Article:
Planting in containers allows you to garden where there’s no ground to till, brightening up the patios, porches, decks, and stoops where we linger on long summer days.
What Plants Can Grow In Pots?
Pairing up pots and plants in pleasing compositions, you can even grow perennials, grasses, and dwarf evergreen shrubs in pots to provide year-round interest.
Containers also let you skip the major digging and weed-pulling of backyard gardening and fast-forward to the fun: designing, planting, and enjoying. You get just enough dirt under your fingernails to feel like you’ve accomplished something. Best of all, potted gardens are close-up delights. They invite you to slow down, notice the details, and savor the scents. Here’s how to select, assemble, arrange, and grow plants in pots.
How to Pot a Plant and Start a Container Garden
1. Pick the Right Size Pot for Your Plants
Here are a couple rules of thumb to help you choose the right size pot for your plants: For a mixture of plants, look for containers at least 12 inches wide. Annuals usually need at least 8 inches of soil depth, while grasses and shrubs may need two or three times that amount. The ideal container has straight sides or ones that flare out at the top for easy access.
2. Decide on the Aesthetics
Unless you’re set on specific plants, it’s best to pick the pot before you decide what’s going in it. Look for ones in a style that suits your home. Classical urns look great on stone patios or flanking the front entry of a formal house, while clean-lined geometric shapes complement modern settings.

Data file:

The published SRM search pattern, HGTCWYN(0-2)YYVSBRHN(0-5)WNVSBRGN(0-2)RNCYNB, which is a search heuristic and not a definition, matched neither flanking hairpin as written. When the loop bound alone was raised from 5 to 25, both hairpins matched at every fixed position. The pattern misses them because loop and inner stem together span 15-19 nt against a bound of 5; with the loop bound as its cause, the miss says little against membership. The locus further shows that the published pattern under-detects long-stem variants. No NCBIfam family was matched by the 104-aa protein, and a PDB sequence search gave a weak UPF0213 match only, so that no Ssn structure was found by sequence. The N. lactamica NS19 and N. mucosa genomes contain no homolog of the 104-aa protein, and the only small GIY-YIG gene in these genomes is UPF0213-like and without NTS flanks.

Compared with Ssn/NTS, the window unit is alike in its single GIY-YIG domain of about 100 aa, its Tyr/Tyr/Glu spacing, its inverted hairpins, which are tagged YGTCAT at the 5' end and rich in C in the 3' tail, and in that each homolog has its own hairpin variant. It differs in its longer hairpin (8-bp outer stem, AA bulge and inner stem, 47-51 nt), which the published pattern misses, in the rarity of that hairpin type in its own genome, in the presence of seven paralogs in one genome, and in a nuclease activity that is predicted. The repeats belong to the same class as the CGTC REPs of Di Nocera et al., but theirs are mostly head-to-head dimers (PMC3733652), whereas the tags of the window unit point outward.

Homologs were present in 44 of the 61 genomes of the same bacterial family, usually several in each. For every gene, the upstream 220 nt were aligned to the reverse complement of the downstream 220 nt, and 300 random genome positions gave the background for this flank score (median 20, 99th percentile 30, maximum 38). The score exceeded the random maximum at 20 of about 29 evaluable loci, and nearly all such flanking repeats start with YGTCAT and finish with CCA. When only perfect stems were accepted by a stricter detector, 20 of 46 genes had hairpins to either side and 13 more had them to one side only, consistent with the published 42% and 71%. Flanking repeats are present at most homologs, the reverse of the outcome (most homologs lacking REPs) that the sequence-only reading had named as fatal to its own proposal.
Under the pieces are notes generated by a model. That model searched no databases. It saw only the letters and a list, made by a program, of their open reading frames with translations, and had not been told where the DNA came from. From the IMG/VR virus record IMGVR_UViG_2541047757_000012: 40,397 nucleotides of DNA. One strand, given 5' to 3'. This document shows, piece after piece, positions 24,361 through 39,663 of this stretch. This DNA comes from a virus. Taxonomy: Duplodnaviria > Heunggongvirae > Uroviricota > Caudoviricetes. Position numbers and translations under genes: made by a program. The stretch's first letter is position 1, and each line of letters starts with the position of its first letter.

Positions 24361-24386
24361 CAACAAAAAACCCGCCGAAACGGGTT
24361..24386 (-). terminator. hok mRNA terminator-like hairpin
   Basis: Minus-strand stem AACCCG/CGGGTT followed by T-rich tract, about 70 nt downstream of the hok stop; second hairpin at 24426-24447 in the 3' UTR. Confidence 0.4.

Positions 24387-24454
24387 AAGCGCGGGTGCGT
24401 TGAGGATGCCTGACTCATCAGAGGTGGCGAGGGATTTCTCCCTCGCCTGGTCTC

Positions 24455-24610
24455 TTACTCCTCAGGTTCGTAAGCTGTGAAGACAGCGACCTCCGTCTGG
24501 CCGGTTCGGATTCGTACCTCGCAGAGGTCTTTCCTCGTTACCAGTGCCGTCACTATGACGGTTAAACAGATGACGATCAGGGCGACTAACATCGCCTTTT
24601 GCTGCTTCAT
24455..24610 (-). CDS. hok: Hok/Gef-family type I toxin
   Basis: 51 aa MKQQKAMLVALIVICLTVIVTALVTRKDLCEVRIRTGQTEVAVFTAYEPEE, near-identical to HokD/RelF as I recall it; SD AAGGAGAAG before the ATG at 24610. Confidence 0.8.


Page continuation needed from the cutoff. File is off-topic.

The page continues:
Muted neutral colors emphasize the plants, while vivid ones draw more attention to the pots themselves. If you’re going for a grouping, an odd number of pots generally looks better than an even-numbered collection.
3. Consider the Placement and Material of Your Pot
Aesthetics aside, there are also practical concerns when picking pots.
If you’ll be placing pots on a deck or a rooftop, look for lightweight materials, such as metal or composite. These and some glazed ceramic pots also have the advantage of being nonporous, so they keep soil moister. Porous unglazed terra-cotta gets a wonderful patina over time but allows soil to dry out more quickly.
Any pot needs drainage holes so roots don’t get waterlogged; these should be covered with pottery shards, stones, or a small piece of screening to keep soil from migrating out.
If containers sit on a wooden deck, consider using pot feet or a plant stand to elevate them so that the decking doesn’t stay wet, which will lead to rot.
4. Assemble the Plants
When creating your potted garden arrangement, think beyond one-note plantings of marigolds or impatiens. For a long-lasting display, combine showy annuals with ornamental grasses, shrubs that change leaf color in the fall, or dwarf evergreens. Go for a mix of colors, textures, and foliage types. A tall grass, a delicate vine, and a plant with large, interesting leaves make a good combination.
“A vertical element is important to give the planting height,” says Gabrielle Whiton, a container-plant specialist at Bainbridge Gardens, a nursery on Washington’s Bainbridge Island. She often starts with a dwarf conifer, then selects lower-growing and trailing plants to go around its base.